Nazi Germany. Rwanda. Canada. One of those countries is now just like the others.

When I lived in Saskatchewan as a reporter for a small town paper, I witnessed things I had never seen or heard before as a resident of Ontario. One night a co-worker invited me over for beers. We sat with a couple of his friends on his back porch and talked about nothing while swilling Molson Canadian. About an hour into the evening our host brought out a shotgun and said “Who wants first blood?”

His friend grabbed the rifle, stood up and fired a shot. I could hear a yelp just after he fired, causing everyone but me to shout and offer the guy a high five. He shot a coyote from about 150 yards, an apparent right of property owners who viewed coyotes as a nuisance. A part of me tried to understand the outlook – that coyotes eat farm animals and pets, so there is a good enough reason to deal with them, but my lack of rural experience just made me feel for the animal. But mostly I was taken aback at how causing immeasurable pain to something brought joy to these young lads. I couldn’t identify with any of it.

As I plotted my departure (I witnessed 3 more shots, followed by 2 more yelps, the one guy missing his target) I began to try and make conversation, thinking the distraction would save the life of a coyote. It was during that conversation that I discovered my first taste of overt, explicit racism against Indigenous Canadians. It came after I asked my only probing question.

“What do you think about before shooting those coyotes?” I thought I was being semi-philosophical, and then my host answered immediately.

“I just imagine it’s one of those native guys from the bar,” he said.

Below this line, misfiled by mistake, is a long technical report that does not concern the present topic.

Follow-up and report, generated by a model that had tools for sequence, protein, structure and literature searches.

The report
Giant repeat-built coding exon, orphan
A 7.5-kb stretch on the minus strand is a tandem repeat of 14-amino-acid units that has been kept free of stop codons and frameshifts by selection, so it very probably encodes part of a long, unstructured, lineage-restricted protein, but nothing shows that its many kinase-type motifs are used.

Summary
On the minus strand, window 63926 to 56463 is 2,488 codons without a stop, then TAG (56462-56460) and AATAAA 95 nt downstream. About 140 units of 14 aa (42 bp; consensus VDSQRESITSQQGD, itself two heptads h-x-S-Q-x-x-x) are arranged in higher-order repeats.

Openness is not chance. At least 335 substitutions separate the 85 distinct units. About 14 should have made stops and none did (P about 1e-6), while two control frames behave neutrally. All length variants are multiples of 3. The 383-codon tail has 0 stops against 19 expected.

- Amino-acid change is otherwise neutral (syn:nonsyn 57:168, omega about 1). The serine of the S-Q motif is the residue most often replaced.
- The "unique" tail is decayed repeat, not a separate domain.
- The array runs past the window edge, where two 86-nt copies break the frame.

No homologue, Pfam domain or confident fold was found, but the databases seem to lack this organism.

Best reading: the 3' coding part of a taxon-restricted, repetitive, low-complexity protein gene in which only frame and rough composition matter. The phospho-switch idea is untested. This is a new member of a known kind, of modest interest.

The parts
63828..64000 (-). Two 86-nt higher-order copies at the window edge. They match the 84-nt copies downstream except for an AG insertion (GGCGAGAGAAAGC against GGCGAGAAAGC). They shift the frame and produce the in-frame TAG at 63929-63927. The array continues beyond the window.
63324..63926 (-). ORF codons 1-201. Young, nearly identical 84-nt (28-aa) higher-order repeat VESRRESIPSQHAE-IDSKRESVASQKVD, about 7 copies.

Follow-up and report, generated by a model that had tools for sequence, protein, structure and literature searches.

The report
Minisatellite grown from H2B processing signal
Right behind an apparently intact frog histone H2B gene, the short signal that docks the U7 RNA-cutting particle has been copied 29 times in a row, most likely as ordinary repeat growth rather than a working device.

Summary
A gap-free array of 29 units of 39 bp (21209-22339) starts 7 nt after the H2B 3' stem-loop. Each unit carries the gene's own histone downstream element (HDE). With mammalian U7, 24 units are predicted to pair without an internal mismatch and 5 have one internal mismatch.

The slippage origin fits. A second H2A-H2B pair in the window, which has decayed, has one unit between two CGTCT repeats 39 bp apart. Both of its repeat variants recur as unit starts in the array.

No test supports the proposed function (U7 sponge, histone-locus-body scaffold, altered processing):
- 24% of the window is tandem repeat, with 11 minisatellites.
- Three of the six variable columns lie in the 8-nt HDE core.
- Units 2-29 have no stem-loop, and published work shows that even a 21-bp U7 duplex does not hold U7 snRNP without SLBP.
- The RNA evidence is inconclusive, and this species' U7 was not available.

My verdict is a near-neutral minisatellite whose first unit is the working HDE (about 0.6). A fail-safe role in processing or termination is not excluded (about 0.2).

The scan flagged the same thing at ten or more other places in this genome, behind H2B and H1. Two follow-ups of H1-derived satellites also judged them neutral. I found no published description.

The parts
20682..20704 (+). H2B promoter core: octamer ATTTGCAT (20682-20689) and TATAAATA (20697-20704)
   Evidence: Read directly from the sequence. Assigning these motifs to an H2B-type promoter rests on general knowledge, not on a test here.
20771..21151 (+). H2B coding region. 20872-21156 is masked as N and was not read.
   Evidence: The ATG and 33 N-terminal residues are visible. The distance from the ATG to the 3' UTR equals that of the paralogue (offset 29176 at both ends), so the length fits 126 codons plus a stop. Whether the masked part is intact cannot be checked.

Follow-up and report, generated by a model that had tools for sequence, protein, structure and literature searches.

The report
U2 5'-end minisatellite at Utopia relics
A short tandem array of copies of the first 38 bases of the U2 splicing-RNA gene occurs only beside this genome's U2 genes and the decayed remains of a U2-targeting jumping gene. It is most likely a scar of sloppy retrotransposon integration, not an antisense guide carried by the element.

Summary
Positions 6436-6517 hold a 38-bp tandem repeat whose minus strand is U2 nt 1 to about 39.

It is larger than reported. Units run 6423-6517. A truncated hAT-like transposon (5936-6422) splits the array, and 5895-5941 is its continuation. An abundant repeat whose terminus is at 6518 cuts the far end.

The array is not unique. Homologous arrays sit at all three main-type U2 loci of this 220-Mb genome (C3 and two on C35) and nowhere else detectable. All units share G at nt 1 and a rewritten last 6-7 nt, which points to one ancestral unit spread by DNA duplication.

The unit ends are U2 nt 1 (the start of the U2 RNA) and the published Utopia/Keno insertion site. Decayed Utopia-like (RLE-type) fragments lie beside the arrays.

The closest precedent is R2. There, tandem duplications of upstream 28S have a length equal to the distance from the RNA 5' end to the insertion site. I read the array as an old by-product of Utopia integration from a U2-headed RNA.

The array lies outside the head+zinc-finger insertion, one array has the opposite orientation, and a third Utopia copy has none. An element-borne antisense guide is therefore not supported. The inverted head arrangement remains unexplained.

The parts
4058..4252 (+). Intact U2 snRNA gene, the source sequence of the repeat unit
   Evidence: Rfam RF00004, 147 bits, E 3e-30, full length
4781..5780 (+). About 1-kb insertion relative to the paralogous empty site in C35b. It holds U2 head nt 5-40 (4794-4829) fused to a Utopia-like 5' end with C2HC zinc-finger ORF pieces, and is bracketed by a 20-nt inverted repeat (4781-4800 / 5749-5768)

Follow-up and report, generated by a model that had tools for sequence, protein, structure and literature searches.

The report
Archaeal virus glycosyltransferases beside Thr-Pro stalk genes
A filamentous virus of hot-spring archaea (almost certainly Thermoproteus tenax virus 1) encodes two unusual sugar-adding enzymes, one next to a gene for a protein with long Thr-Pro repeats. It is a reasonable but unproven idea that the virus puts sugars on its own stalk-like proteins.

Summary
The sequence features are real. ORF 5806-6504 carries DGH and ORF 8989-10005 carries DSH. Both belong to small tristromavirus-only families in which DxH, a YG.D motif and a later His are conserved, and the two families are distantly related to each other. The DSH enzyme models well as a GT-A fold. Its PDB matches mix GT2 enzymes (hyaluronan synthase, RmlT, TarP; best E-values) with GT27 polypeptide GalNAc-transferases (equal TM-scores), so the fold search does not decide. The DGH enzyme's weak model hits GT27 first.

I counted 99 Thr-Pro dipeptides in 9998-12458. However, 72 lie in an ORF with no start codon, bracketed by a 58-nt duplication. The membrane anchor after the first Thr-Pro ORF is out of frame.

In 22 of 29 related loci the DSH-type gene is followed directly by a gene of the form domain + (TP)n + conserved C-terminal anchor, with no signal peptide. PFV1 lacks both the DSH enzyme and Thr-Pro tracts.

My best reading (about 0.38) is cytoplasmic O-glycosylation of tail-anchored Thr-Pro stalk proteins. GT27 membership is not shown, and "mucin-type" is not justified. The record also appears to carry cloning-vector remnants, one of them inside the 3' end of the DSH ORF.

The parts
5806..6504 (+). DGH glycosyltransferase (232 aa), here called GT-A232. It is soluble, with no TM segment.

“Same here,” a guest remarked.

I looked around. None of them seemed uncomfortable at the joke. On the contrary, all of them nodded and laughed.

I decided to walk home, completely floored at what I had heard. Maybe being from Toronto made me a little sheltered from the blatant racism that exists in Canada, but the extent to which they seemed to relish on the idea of natives being worthy of being shot for sport was daunting. It was also enlightening.

Canada is a racist country. That doesn’t mean that everyone is a racist, or even that a majority of our citizens are racist. It means that no matter where you go in Canada you can find racist attitudes, overt or disguised, and much of it is ingrained in our history. If you are white you have certainly heard the overt racism, the subliminal racism, racism disguised as a joke, the transparently obvious racist joke, and the flustered sigh of a person who implies that the brown guy is either lazy or incompetent.

Some white people ignore racism. Others don’t notice it at all. Some tolerate racism, and others use race as a moralistic, foundational barometer. That last category – the deliberate ideological racists – is the smallest group. It is extremely rare for your pale skin to be surrounded by those who worship its paleness. It’s just not all that common.